Editorial: Bullard Cellphone Ban Has Merit, but Students, Teachers, Parents Must Weigh in First - GV Wire - Explore. Explain. Expose
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Editorial: Bullard Cellphone Ban Has Merit, but Students, Teachers, Parents Must Weigh in First

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Bullard High School will hold a community meeting on Thursday, Aug. 18 about the student cellphone ban. (GV Wire Composite/Paul Marshall)
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A good idea can quickly become a bad idea if it isn’t properly vetted and implemented.

This is especially true when dealing with a controversial change that begs for stakeholder buy-in and clear communication with the people affected.

And that brings us to Bullard High School principal Armen Torigian, who has banned students from using cellphones on campus during learning hours.

His proposal has merit. There is ample evidence that excessive cellphone use at school is a barrier to learning. Moreover, allowing instant access to social media while on campus leads to cyberbullying and contributes to anxiety, depression, and suicide in teenagers.

These harmful effects are why Gov. Gavin Newsom signed a bill into law authorizing school districts in 2020 to adopt policies limiting — or prohibiting — student use of smartphones on school grounds during school hours.

Uvalde Is on the Minds of Many Parents

However, as the uproar generated by Torigian’s edict proves, no principal or district should take a consequential step like this without first talking with students, parents, and teachers, and also presenting the ban to the district’s board of trustees for approval. These discussions are doubly important with the Uvalde school mass shooting tragedy fresh on families’ minds.

In addition, Torigian’s cellphone ban at Tenaya Middle School, where he was the principal before coming to Bullard, isn’t sufficient justification for boldly rushing ahead when students return from summer break. There are big differences between middle and high school students.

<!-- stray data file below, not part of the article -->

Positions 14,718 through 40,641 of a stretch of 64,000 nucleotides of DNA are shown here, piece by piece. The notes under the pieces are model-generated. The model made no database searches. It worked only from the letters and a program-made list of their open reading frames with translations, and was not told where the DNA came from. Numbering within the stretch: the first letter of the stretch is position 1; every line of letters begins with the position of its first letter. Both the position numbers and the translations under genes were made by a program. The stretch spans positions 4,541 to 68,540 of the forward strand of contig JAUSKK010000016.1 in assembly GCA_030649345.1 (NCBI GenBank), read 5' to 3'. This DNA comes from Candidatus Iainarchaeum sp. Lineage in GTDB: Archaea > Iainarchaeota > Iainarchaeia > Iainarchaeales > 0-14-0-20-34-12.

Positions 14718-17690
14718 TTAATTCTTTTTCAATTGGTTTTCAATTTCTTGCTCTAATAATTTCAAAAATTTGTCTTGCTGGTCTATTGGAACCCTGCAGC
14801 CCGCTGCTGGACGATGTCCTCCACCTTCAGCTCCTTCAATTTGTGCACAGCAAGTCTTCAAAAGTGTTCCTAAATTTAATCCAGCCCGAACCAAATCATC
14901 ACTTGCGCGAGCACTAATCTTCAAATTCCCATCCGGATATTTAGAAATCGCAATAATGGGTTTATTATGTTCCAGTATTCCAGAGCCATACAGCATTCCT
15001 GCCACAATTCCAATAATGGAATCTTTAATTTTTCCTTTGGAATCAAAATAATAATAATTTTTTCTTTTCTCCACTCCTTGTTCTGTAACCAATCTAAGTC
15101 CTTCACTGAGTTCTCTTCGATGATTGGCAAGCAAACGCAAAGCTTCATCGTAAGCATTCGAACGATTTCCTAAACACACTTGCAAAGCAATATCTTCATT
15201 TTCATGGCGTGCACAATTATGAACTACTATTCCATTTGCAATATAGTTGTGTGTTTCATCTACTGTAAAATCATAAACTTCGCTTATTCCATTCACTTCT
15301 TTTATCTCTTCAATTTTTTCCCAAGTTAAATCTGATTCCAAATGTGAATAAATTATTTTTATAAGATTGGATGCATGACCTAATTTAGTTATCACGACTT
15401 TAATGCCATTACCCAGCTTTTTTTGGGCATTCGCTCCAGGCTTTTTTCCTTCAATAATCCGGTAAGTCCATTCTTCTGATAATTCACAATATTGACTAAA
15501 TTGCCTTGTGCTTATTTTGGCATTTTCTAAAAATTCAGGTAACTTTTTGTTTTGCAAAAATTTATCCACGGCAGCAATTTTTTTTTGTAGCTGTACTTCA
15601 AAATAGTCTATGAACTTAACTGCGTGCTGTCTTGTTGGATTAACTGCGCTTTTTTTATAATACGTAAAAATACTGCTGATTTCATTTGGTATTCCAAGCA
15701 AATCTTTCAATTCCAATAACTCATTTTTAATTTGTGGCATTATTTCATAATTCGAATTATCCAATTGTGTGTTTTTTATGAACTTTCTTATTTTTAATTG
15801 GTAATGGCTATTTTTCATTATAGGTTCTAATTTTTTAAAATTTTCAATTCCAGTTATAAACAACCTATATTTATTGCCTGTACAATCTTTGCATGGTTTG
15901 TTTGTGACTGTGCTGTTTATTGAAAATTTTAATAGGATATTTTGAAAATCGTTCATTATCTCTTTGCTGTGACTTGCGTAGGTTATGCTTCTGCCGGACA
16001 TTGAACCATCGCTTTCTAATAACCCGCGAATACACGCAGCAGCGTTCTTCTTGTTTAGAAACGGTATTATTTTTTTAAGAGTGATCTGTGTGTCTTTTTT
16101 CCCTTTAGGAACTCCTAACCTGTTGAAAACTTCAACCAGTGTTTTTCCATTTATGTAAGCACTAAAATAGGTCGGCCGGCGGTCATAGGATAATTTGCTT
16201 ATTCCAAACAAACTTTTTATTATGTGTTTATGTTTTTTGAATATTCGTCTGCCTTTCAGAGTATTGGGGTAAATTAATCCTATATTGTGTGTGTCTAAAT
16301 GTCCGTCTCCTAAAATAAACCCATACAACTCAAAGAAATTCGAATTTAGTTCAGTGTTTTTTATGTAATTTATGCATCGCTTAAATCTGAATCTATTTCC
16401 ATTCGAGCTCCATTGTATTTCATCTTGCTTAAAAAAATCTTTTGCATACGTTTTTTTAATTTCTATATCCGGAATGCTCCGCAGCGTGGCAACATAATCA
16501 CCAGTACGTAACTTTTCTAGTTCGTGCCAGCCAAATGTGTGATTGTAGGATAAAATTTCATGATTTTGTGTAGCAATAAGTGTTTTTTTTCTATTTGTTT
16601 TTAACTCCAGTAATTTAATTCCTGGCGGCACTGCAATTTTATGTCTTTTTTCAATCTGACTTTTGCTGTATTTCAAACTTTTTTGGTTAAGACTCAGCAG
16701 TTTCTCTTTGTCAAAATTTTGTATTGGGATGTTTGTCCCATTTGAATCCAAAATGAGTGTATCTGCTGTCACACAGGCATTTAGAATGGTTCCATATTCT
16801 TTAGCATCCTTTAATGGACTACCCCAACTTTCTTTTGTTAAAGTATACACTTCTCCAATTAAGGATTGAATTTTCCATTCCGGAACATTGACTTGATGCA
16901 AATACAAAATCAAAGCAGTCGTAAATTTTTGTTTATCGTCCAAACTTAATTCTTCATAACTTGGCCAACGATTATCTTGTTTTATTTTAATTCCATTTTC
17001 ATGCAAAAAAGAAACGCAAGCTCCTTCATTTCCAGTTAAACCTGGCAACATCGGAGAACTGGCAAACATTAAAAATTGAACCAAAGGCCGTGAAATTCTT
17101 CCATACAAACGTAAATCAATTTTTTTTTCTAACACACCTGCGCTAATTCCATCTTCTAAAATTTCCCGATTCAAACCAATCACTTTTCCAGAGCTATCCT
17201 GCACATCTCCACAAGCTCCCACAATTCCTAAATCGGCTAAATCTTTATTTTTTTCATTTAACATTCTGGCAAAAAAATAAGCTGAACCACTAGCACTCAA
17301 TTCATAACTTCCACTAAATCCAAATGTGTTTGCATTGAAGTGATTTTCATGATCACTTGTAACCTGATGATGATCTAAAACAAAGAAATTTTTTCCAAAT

While we are strong believers in educational innovation and using pilot programs to test policy changes, Bullard’s phone ban is too big of a change to simply try and see how things shake out — as some people are suggesting.

Manuel Bonilla, president of the Fresno Teachers Association, hit the bull’s-eye when he said: “However one might feel about the policy, any policy change that doesn’t include the authentic input from stakeholders is disingenuous and unfortunately this seems to be common practice in Fresno Unified.”

State Law Requires Specific Exemptions

Bullard students will be allowed to bring phones when they return for classes next week on Monday. Three days later, on Thursday, Aug. 18, there will be a community meeting at Bullard on the principal’s ban.

For the record, when Assemblymember Al Muratsuchi (D-Torrance) wrote the bill, AB 272, that became law two years ago, he wisely included specific exemptions to phone bans. They are:

  • in an emergency;
  • when a teacher or administrator grants permission for academic or other approved purposes;
  • when necessary for the health and well-being of a student;
  • or when required by a student with special needs.

While pushing his bill through the Legislature, Muratsuchi also introduced research indicating that test scores improved significantly at schools with phone bans. Even better, the most disadvantaged and underachieving pupils made the biggest gains.

Hopefully, student and family fears about banning phones can be allayed at the community meeting. Undoubtedly, some of the participants will raise legitimate questions that need answers.

Promoting better learning while keeping students safe should be the goal of everyone who attends. Fresno Unified has too many challenges to indulge people with political and personnel agendas. Let’s talk this through and proceed from there.

— Written by Bill McEwen

GV Wire encourages vigorous debate from people and organizations on local, state, and national issues. Submit your op-ed to rreed@gvwire.com for consideration.